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I miss KFC. >_<

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A hyena and 3 kids peeking curiously out of the window. No la. it’s a dog.

Day 3.

I skipped a huge part because we drove godknowshowmany hours to see some museum which i don’t think you would be interested in. Which i was a bit tulan, to be honest, and was secretly cursing in my heart about the hot weather and sweaty feeling and hunger then suddenly got afriad and stopped cursing immediately because they say if you have evil thoughts especially in the jungles, the spirits will make sure you go round and round and round the jungle and lost forever so i shut turf myself up in my heart.

We stayed at Sengkang that night, and the next day went to see some silk factory, by factory i mean a wooden house with few traditional wooden weaving machines where young Indon girls who gets paid RM13 a day or so pushing and steping on them weaving 12 hours a day, and then we spent about like another godknowshowmany hours in a textile shop before we drove another godknowshowmany hour to this other place.

On the way, we passed by a wedding.

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We got down just to snap a few photos, but then all the people there were like soooooooooo hardcore friendly they invited us in (kind of by force), eagerly signalled us to sit down/have tea/take pictures/go closer to stage and asking us all sort of questions curiously.

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So karerful!!!

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They look like the Bali chiak chiak dancers.

Then we waited for the bride and groom to arrive. It was best timing. Like we were specially arranged to this event liddat.

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Dressed in traditional costumes. Apparently you have to be very rich to hold such a glam wedding. The guy is 25 or so, whose family is in the Chocolate business. Girl is 19 year old.

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Again, we were invited to go in front to take exclusive photos, i dungeddit why the people here soooooooooo friendly one? I mean if some random strangers crash my wedding i would have called security to escort them out lo! And maybe smash their huge ass cameras into pulp in the process. Like seriously wtf this is my wedding man just go turf away.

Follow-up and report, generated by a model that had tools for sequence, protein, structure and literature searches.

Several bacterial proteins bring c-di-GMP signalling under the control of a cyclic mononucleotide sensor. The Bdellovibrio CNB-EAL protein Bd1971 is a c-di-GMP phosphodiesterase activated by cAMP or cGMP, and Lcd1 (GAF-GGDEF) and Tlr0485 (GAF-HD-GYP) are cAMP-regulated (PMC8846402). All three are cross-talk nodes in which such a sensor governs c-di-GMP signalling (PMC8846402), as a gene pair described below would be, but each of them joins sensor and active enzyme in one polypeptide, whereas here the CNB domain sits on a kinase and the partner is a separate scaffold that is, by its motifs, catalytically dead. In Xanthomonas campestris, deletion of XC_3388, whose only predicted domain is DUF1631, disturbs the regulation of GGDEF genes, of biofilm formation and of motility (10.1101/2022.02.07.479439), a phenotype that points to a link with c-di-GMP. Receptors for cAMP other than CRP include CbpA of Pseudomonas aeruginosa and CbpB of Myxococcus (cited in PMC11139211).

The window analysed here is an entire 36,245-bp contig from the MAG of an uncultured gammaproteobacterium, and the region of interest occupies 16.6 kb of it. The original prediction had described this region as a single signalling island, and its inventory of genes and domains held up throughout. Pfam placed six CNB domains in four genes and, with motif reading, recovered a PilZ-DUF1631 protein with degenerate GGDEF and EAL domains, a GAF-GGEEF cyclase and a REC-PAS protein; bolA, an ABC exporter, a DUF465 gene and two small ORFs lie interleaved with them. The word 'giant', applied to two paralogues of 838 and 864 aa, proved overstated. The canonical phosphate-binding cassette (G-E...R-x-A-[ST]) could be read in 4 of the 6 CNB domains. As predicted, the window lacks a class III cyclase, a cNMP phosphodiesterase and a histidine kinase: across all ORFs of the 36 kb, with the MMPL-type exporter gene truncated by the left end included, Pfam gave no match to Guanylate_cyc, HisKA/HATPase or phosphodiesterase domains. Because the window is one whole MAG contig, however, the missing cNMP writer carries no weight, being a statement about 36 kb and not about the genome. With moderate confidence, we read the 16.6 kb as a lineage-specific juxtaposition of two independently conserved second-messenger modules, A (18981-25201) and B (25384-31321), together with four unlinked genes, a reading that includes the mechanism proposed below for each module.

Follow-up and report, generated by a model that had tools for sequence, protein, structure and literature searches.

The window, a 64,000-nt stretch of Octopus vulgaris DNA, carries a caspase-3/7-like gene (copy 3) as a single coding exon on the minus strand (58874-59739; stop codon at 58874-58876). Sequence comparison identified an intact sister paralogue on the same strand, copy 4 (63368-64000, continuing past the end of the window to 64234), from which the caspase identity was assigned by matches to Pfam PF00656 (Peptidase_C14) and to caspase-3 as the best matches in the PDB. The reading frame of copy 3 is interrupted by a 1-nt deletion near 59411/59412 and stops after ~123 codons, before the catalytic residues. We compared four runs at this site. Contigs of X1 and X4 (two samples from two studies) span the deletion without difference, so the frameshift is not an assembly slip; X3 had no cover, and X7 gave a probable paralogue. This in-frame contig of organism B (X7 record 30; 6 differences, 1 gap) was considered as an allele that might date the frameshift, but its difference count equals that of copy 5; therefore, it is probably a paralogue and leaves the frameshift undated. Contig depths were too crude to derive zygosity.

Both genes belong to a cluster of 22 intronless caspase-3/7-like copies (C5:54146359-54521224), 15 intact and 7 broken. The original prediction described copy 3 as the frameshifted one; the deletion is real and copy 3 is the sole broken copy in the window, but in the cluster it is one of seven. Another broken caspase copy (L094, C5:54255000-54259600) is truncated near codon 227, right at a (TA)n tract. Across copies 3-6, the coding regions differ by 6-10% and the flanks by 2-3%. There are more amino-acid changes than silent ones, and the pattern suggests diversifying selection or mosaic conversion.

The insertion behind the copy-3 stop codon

After enough picture taking, we went back to our van because we were kinda in a rush and were behind time to go to the next destination. But then the tour guide came and asked us to return because the host insisted to belanja us makan.

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So we went. And were presented with like 1000 different kinds of desserts. There was this pumkin thing (neh the orange color one that looks like nangka) was super nice.

I feel very touched la. People there really seemed so genuinely hospitable.

After X hour, we arrived at a villa up the hill called the Bampapuang.

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Very very nice. The setting was very Bali.

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But then we didn’t get to stay here. T_T

We had our lunch and continued our journey to Tana Toraja, which was gonna be the hightlight of our trip.

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We were supposed to witness some really special funeral in Tana Toraja, if there happened to be one.

I mean, after driving 7 hours or so, somebody’d better die.